When we were younger, we could get away with a lot more, but sooner or later, the body will insist we pay better attention to it. Ignoring symptoms usually does not make them go away. Paying attention to your body while moving in space is equally called for, especially when you notice that with advancing age, your balance is compromised, like on a slippery surface or while shoveling snow.
I had my wake-up call one day while walking down the steps from my second floor. Besides being steep, the stairs also were a bit slippery in my stockinged feet. I carried a tray full of plates and a glass, and when I got to the fifth-from-the-bottom step, I found myself suddenly airborne. The plates and glasses smashed all around me while I plunged forward, headed (literally) for the glass door. It must have been divine intervention that kept me from serious injury, just a little shock and some bruising on the arm that broke the fall. I revisit that scene from time to time, reminding myself to stay present and watchful when using the steps, to concentrate on one thing at a time.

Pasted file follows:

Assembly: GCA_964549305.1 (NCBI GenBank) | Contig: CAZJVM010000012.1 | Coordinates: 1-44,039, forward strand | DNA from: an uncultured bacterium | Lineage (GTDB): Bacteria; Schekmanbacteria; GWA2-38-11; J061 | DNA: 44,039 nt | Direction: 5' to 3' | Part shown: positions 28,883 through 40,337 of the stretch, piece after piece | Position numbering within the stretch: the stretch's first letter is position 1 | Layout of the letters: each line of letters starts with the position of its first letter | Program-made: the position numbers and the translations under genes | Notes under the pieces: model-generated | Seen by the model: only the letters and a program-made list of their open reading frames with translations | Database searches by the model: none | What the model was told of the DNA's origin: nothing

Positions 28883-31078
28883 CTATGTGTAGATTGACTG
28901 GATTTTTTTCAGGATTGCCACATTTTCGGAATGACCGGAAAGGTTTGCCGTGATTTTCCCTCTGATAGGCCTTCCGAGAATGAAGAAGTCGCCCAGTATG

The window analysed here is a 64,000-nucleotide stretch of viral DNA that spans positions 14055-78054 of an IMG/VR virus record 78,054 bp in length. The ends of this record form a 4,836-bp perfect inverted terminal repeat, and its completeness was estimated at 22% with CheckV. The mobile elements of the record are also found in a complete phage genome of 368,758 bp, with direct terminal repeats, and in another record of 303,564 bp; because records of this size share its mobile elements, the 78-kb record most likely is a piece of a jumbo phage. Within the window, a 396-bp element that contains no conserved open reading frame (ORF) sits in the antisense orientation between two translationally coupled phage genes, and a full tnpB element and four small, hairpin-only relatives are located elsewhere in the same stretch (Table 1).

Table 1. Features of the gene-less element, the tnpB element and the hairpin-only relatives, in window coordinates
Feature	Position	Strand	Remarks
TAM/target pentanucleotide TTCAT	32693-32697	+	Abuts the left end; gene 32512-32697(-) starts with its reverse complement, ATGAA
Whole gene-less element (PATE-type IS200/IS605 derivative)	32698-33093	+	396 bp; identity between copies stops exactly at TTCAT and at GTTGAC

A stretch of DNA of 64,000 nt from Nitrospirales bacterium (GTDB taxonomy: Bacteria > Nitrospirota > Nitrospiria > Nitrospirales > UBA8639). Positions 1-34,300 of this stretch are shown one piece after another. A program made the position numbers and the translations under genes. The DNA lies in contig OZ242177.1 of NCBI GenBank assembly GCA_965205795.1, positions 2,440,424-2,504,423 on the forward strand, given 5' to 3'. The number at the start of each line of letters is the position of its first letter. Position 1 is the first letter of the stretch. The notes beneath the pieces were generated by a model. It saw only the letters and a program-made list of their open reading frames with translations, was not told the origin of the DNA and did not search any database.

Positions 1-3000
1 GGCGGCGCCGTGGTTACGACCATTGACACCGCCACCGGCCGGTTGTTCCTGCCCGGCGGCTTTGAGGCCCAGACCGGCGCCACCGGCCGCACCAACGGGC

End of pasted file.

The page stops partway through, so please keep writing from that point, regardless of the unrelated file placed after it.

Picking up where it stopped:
You, too, probably can think of an instance, or several, when you were distracted, not watching where you were going, and had a serious incident or a “near miss.” In those scary times, we may decide it’s best to learn from past mistakes, taking better care and to replace multitasking with focusing on one thing at a time.
Beyond awareness of our bodies, we can benefit by carrying mindfulness into our thoughts, our emotions, our words, our motives, our actions and our spiritual lives.
The practice of mindfulness has three prerequisites:
the courage to feel and experience each moment as it comes up
kindness and compassion for what you may discover within yourself
a willingness to regularly apply this practice
Here and now may be the perfect time for you to begin this practice.
Angelena Craig of Newburyport teaches Wellness Workshops, Kripalu Slow Flow Yoga, and “Sit Down and Move” classes to boomers and beyond. Visit her website at www.thenewagingmovement.com or email firstname.lastname@example.org.